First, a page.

We publish a ton of car news stories during the working week (70-odd as a rule), and it can be tough to keep up with everything – which is the rationale behind this weekend list.
In short, here are some key articles from our news desk since Monday of this week summarised, just in case you missed them at the time.
The seventh-generation Ford Mustang revealed in Detroit this week carries over the outgoing car’s platform, but gets a new cabin, sharper styling, and some updates under the skin.
It’s due in Australia in late 2023. That means we’ll only be a few months behind the US market, where it’s due in showrooms from the northern summer of next year. Local pricing and specifications have yet to be announced.
It’s powered by new, fourth-generation versions of the familiar turbocharged 2.3-litre EcoBoost four-cylinder engine and naturally-aspirated 5.0-litre Coyote V8.
FULL STORY: 2024 Ford Mustang revealed, here late 2023
Toyota Australia says it will do what it can to make sure the small number of GR Corolla hot hatches that arrive in 2023 will go into the hands of enthusiasts, rather than speculators out to turn a quick buck.
But how it will action this within the framework of its franchise dealer model remains unclear, with a Supra-style online ballot looking unlikely and centralised online sales also off the agenda.
Set to launch in the first quarter of 2023, Toyota Australia will receive only 500 units for the first year’s allocation of its 220kW, manual-only, all-wheel drive Corolla, to divvy up among its national dealers.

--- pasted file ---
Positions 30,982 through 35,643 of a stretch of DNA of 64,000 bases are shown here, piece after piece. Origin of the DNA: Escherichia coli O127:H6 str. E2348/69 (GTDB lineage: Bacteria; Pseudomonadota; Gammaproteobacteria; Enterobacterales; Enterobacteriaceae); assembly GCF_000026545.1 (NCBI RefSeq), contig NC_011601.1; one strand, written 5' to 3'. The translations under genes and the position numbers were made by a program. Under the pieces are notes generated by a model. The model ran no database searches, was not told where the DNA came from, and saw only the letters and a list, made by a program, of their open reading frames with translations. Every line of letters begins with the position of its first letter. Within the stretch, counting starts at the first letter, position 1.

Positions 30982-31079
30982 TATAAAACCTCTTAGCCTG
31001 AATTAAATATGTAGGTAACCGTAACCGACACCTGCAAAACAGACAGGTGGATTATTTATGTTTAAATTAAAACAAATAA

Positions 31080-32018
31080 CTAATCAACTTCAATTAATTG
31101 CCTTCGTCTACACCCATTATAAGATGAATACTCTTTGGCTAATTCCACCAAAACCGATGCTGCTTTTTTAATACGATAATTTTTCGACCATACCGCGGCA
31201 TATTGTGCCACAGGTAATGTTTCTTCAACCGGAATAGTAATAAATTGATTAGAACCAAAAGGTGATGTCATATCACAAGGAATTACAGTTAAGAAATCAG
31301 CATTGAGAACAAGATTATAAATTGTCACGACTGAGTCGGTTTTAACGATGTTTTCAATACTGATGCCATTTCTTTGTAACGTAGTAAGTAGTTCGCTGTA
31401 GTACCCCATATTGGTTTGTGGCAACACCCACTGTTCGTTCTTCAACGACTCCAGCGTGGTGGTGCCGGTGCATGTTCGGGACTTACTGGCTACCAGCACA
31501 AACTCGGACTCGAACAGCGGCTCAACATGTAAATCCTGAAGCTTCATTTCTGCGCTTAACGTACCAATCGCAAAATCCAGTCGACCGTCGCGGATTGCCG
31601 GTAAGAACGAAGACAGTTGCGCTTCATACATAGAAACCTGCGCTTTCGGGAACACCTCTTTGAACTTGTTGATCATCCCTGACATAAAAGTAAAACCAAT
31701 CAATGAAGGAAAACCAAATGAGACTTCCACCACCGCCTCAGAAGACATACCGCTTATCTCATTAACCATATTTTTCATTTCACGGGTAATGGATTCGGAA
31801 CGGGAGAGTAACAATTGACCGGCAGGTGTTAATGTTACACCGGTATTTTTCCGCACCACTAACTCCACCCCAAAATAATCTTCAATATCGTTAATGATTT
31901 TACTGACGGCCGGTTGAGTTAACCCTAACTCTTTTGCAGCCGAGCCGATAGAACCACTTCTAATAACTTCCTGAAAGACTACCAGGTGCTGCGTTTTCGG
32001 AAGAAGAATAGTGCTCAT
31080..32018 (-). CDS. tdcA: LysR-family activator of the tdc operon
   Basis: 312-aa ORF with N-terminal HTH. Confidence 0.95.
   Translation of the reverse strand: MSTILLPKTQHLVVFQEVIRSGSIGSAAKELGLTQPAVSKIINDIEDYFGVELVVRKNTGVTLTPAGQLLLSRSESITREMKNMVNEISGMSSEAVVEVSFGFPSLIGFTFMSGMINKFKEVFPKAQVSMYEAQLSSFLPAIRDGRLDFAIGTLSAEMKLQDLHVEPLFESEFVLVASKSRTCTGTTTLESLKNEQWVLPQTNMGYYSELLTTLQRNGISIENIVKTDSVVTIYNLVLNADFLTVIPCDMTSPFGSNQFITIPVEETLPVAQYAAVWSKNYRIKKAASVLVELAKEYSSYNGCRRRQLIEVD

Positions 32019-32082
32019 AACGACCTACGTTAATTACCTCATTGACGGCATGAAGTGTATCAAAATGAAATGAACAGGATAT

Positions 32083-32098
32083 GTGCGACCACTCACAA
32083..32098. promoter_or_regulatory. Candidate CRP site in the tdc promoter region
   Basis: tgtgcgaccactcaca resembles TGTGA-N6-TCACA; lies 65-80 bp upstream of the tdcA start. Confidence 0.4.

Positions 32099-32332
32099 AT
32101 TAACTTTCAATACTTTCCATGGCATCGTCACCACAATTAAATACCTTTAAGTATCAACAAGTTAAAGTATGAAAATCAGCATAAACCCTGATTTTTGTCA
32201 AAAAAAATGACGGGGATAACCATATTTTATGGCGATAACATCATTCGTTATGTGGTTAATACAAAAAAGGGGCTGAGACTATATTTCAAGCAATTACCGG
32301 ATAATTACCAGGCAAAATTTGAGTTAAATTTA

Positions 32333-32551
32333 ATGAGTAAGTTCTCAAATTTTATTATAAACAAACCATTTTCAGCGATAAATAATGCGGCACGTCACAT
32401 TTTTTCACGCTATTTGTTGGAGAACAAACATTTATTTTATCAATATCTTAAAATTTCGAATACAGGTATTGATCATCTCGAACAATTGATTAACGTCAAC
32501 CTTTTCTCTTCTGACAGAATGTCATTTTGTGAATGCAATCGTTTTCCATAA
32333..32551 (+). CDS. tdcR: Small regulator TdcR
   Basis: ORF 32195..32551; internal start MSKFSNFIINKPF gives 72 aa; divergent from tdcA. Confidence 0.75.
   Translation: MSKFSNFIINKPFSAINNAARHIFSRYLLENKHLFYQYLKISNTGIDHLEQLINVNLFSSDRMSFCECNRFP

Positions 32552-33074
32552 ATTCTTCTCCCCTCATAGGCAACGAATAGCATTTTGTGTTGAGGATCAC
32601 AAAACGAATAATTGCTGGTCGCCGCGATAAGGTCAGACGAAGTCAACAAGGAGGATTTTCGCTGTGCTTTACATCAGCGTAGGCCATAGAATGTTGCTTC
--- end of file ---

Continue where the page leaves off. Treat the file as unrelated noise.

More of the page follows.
Subaru has revealed the replacement for its XV SUV, with a sportier look, higher-tech interior, and a new name.
Dubbed the Subaru Crosstrek (as it has long been called abroad), the small SUV will go on sale first in Japan. Subaru strangely says the launch there is “scheduled for 2023 or later”.
Subaru has only detailed an AWD hybrid version of the Crosstrek for its domestic market, but the full drivetrain line-up is not yet clear.
With four doors and a crossover body, the new Ferrari Purosangue is a major break with tradition – but in other ways, like the naturally-aspirated non-electrified V12, it’s even more “pure” than the 296 GTB.
These nods to the company’s heritage help to justify the crossover’s name, which means thoroughbred in Italian.
Under the bonnet is a naturally-aspirated dry sump 6.5-litre V12 with a 65-degree separation between the banks. It cranks out 533kW at 7750rpm, and 716Nm at 6250rpm.
FULL STORY: 2023 Ferrari Purosangue unveiled
Jeep says the recently revealed Recon and Wagoneer S electric SUVs are coming to Australia, but the Avenger EV has yet to be locked in despite being engineered for right-hand drive.
The rugged-looking Recon EV – designed to be trail rated – is slated to enter US production in 2024, ditto the sleeker-looking Wagoneer S. Both will use the Stellantis ‘STLA Large’ EV architecture designed around the needs of electric vehicles.
“The Recon and the Wagoneer S… are secured for Australia,” Jeep CEO Christian Meunier told CarExpert in Detroit this week, saying he’d noticed the growth in electrification here.
FULL STORY: New Jeep EVs confirmed for Australia
An owner is suing Tesla over false advertising about its Autopilot, Enhanced Autopilot, and Full Self-Driving systems – the latter is still in beta mode but available to around 100,000 owners who have high safety scores.
The lawsuit was filed today in a federal court in San Francisco and is seeking unspecified damages on behalf of people who bought a Tesla from 2016 onwards equipped with either Autopilot, Enhanced Autopilot, or Full Self-Driving.